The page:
At first glance, Capitalism 2 looks like the bastard child of Sim City 2000 and Microsoft Excel. Capitalism 2 offers all the fun of running a mammoth company without the executive washroom. I realize creating a fun business sim can be hard, particularly since the words fun and business rarely go together. However, I should not be punished for my success by having to micromanage every tiny little aspect of my fortune 500 company or watching it all promptly go to hell.
The Money Pit
The good folks at Ubi Soft tried to build upon the concept of the original Capitalism by introducing more products and businesses to own. You can now build apartment complexes, office buildings, and own media stations like television and radio. However, those of you wanting to become the next Donald Trump or Ted Turner should look elsewhere. None of the apartments or offices provides any return on your investment, and quickly become a drag on your company. Although media stations can provide a decent profit, you can't build them. Instead, you must wait for them to go on sale to buy them, and the computer only sells them when they are losing money hand over fist. Therefore, the game forces you must go the traditional route of producing and selling goods to turn any kind of profit.
System Requirements: MBA in accounting or better
But who cares about a real estate empire anyways? Everybody knows the meat and potatoes of the Capitalism series has always been industry and retail. To its credit, for about 2/3 of the way through the game Capitalism 2 is quite enjoyable. There are a number of products to build and sell, and specialized buildings (such as a hardware store or supermarket) give your stores a bit of character and individuality. Once your corporation gets big, that's when the nightmare begins. Everybody in your company turns into Dilbert's pointy-hared boss whenever something goes wrong. For example, I mine gold in San Diego that gets turned into Jewelry in Chicago that gets sold in New York (this really is a typical supply chain midway through the game). When everything is set up, it runs itself fine. However, what happens when I run out of gold in San Diego? Nobody in your mine, factory, or store does anything. Better yet, if you tell them to automatically look for the same mineral elsewhere, they will often buy your competitors inferior minerals and use them in your products. This problem is compounded when several factories depend on a certain mineral, and several stores depend of the factory. To top it all off, the "vivid, isometric 3D graphics" touted in the manual can obscure buildings if you build your store near a tall building, leaving you to hunt pixels for the magic one that will allow you to see your damn store. So one day you look down and notice your profits are way down, and you must find out which of your several stores is losing money, and why. The game tries to alleviate this by letting you hire people to manage your stores, but the AI executives are whiny and incompetent. While you spend 10 minutes trying to reroute orders of steel or electronic components, they sit around and pester you for raises every few seconds. If you ever reject their demand for a raise, they will promptly quit, and leave you with still more work to do.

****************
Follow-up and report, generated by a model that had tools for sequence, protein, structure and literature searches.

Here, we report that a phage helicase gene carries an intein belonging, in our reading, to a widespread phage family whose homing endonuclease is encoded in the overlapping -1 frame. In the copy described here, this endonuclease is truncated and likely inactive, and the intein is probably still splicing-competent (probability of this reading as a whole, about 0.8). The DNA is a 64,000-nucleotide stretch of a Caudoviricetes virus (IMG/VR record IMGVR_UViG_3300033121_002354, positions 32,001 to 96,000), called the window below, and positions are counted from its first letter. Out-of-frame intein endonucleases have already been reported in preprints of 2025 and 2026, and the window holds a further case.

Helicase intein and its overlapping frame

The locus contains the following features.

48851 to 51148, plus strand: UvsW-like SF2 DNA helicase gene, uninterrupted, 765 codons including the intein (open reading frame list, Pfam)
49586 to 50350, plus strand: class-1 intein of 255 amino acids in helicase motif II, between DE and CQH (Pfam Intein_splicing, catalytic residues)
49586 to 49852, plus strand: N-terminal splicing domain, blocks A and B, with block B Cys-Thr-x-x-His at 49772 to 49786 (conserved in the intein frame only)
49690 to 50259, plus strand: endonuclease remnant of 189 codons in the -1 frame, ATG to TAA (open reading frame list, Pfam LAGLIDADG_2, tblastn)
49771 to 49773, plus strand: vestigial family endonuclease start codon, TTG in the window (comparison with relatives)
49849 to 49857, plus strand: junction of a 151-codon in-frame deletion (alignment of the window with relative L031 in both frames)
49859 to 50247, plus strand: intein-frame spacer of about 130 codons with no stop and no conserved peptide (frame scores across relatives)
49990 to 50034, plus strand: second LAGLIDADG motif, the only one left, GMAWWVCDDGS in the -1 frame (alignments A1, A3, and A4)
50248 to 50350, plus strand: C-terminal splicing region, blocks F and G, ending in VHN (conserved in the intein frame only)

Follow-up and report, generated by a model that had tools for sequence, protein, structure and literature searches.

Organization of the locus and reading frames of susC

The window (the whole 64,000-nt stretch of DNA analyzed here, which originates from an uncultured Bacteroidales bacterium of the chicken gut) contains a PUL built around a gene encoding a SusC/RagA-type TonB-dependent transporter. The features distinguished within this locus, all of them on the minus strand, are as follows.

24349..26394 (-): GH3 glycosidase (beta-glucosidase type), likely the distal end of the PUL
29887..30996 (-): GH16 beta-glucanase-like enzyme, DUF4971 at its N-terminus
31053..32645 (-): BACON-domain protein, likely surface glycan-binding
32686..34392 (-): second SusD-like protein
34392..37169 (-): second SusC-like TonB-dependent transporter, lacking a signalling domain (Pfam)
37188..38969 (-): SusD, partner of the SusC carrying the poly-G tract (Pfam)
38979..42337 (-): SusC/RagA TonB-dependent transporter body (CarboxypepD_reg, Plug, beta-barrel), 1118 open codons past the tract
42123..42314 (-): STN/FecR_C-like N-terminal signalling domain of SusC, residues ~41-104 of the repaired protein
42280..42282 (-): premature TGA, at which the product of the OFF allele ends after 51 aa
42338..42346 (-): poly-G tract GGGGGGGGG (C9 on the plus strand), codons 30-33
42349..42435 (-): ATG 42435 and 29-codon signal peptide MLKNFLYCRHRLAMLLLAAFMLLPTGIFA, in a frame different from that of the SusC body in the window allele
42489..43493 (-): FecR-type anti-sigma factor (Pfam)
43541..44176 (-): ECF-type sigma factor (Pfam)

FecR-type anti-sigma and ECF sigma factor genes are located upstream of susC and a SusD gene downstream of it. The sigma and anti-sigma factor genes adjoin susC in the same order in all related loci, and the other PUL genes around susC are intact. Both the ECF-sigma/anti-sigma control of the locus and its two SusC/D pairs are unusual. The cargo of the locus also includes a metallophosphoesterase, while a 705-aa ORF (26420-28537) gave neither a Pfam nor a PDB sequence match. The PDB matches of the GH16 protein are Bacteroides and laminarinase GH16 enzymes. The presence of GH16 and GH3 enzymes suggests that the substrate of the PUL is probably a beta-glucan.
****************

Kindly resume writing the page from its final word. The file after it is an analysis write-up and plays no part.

And even the micromanaging wouldnt be so bad if the game were realistic and open-ended. The game heaps graphs after useless graphs on you, almost taunting you to find a specific piece of information you were looking for. Buying and selling stocks are an important part of Capitalism 2. Yet in a game covered in charts, surprisingly little information is given about your stocks. Once you purchase a stock, the game doesnt record what price you bought it at. Therefore, after a little while it becomes impossible to tell whether or not you are making a profit off them. Astoundingly, stocks never split, allowing successful corporations to have a stock price of over $10,000/share. Since the number of shares rarely increases, most companies are privately held by only 3 or 4 people midway through the game. After about 20 years, publicly traded stock virtually disappears. This makes late game investing and corporate takeovers nearly impossible. A bug in the game allows you to buy stock in a company that your corporation has shares in, even through the reverse is prohibited in the game by the SEC. This allows you to bilk your company by letting your corporation buy lots of valuable stock, sell it (pushing the price down), and then buying the same stock back as the CEO at a steep discount (pushing the price back up). Hmm, robbing millions at your companys expense - maybe it's more realistic than I thought.
You Can't Buy Happiness
Needless to say, the game is not for everyone. Most people will find it as exciting as an Excel spreadsheet, and will quickly tire of the endless micromanaging. Worse yet, to some office dwellers the endless graphs and charts will remind them of (Gasp!) work. Yet buried underneath the supply chain headaches is a fun game, and if you play a couple of rounds you can see glimpses of it. Some of the scenarios that force you to stay small or deal with a limited number of products are quite enjoyable. I'm just not sure if it's worth all the headache to enjoy them.